A new book explores the many important insights academics have found in gambling – and those who have tried to “turn hard science into hard cash”.
Adam Kucharski, lecturer in mathematical modelling at the London School of Hygiene and Tropical Medicine, University of London, said that the possible application of his scholarly work to gambling had been “a side interest throughout my mathematical career”. Although his research focuses on the outbreak and transmission of diseases, the techniques still depend on “the ability to measure risk and whether something other than luck is involved”, so he was intrigued “to find out where the ideas I use every day actually come from”.
This is the story he sets out to tell in The Perfect Bet: How science and maths are taking the luck out of gambling.
“Gambling is a production line for surprising ideas,” writes Dr Kucharski, and has long “influence[d] scientific thinking, from game theory and statistics to chaos theory and artificial intelligence”. At the same time, it has often been academics who have spotted loopholes overlooked by casinos and bookmakers and have sometimes tried to reap the rewards.
The Perfect Bet describes, for example, how “researchers at Athens University looked at bookmakers’ odds on 12,420 different football matches in Europe and found 63 arbitrage opportunities”, ie, where one could be sure to win money by betting on both sides.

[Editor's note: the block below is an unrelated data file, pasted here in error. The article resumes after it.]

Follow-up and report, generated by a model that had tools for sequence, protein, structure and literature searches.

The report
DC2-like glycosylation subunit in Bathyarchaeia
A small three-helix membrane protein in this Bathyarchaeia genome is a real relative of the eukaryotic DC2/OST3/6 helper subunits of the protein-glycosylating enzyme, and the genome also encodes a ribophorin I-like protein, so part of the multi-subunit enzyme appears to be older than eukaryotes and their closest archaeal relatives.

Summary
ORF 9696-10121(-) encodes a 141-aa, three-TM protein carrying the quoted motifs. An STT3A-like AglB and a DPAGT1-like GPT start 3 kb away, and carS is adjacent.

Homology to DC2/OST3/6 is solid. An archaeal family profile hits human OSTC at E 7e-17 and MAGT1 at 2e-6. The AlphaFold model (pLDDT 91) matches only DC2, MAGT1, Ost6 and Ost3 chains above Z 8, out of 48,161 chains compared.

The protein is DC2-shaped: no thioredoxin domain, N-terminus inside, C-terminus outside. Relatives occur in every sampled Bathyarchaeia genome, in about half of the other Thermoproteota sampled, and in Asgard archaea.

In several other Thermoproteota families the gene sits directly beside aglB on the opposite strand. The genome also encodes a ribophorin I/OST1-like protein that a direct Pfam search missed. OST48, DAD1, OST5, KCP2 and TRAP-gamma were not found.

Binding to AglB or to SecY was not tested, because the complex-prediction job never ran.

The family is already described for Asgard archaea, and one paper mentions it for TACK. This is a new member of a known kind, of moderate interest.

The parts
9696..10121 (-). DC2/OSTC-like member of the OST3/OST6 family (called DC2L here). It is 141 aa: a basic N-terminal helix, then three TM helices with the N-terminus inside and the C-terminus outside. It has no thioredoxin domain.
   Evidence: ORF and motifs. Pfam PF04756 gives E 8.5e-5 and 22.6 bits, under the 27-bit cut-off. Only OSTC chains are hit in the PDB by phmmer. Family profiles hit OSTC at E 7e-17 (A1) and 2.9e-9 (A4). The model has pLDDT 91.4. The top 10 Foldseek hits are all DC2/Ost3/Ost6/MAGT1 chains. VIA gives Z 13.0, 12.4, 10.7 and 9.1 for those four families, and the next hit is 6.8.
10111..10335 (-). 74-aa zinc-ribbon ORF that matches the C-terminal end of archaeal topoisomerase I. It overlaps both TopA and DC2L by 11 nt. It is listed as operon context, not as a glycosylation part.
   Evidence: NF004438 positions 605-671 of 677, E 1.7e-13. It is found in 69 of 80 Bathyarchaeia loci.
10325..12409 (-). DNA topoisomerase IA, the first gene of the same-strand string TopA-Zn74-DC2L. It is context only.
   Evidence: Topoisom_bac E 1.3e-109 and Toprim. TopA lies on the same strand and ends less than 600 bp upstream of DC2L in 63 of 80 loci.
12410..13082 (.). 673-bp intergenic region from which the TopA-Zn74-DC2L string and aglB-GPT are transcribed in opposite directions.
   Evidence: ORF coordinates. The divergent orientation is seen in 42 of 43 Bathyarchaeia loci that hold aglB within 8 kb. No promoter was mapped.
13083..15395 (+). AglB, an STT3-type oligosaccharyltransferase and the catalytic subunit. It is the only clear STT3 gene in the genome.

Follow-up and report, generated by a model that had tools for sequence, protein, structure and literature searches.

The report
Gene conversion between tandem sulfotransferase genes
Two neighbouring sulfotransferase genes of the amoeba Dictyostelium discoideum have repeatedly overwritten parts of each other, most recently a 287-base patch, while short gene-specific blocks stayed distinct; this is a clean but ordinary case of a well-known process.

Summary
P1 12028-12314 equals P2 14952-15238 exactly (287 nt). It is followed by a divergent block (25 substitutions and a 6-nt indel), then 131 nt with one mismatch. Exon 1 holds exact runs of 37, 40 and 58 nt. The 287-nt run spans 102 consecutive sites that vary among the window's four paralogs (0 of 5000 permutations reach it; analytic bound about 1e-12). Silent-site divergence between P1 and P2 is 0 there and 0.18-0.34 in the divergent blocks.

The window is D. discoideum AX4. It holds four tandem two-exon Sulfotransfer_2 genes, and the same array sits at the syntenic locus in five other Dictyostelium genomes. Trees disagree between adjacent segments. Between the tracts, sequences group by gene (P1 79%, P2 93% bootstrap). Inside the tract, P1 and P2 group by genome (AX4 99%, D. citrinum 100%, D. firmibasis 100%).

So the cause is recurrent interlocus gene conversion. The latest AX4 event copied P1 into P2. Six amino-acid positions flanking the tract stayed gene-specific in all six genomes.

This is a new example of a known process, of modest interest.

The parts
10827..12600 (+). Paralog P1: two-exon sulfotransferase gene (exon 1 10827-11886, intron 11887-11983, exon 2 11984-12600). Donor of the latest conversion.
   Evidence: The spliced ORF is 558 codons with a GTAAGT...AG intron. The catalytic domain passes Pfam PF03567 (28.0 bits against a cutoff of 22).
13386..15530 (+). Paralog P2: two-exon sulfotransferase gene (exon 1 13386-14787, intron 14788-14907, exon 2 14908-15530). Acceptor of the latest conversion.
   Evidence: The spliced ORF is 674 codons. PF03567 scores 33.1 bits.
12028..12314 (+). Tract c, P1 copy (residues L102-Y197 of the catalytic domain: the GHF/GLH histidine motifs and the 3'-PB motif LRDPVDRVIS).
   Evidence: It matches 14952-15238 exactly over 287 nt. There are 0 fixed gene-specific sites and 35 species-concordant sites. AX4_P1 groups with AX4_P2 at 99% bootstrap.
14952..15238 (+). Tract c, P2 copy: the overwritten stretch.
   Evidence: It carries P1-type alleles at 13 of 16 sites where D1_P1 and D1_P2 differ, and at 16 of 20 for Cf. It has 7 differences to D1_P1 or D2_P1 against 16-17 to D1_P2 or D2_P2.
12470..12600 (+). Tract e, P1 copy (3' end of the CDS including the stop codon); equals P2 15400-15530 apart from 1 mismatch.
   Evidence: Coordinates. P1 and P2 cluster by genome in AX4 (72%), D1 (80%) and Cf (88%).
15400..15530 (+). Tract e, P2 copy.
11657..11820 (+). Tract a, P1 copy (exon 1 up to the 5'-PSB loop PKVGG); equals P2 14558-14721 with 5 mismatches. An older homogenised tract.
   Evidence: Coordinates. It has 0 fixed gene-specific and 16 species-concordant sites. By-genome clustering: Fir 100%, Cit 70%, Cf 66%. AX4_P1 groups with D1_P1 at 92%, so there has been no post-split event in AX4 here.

The Massachusetts Institute of Technology used to offer an extracurricular course called “How to Gamble If You Must”, which included details of mathematician Edward Thorp’s card-counting techniques for winning at blackjack.
A team of enterprising students, as Dr Kucharski tells it, took up the challenge and struck it rich, avoiding detection by “exploit[ing] common casino stereotypes. Smart female students would put on low-cut tops and pretend to be dumb gamblers…Students with an Asian or Middle Eastern background would play the role of a rich foreigner, happy to spend their parents’ money.”
Seemingly innocuous academic papers on predicting the results of football matches or horse races, the book explains, have helped create “a multi-billion-dollar industry”, with recruitment teams from sports betting companies, as well as banks and oil companies, now “descend[ing] on the world’s best mathematics departments” looking to “us[e] scientific methods to take on the bookmakers”.
However, it has sometimes been difficult for academics to get universities to take gambling-related research seriously.
When the pioneering statistician Karl Pearson wanted to obtain as much data as possible to understand the nature of randomness, he was reduced to spending his summer holiday flipping coins. Somehow he just knew he was unlikely to get funding for a research trip to Monte Carlo.
Today, The Perfect Bet concludes, “the relationship between science and betting continues to thrive. As ever, the ideas are flowing in both directions: gambling is inspiring new research, and scientific developments are providing new insights into betting. Researchers are using poker to understand artificial intelligence, creating computers that can bluff and learn and surprise like humans.”
Adam Kucarski’s The Perfect Bet: How science and maths are taking the luck out of gambling will shortly be published by Profile Books.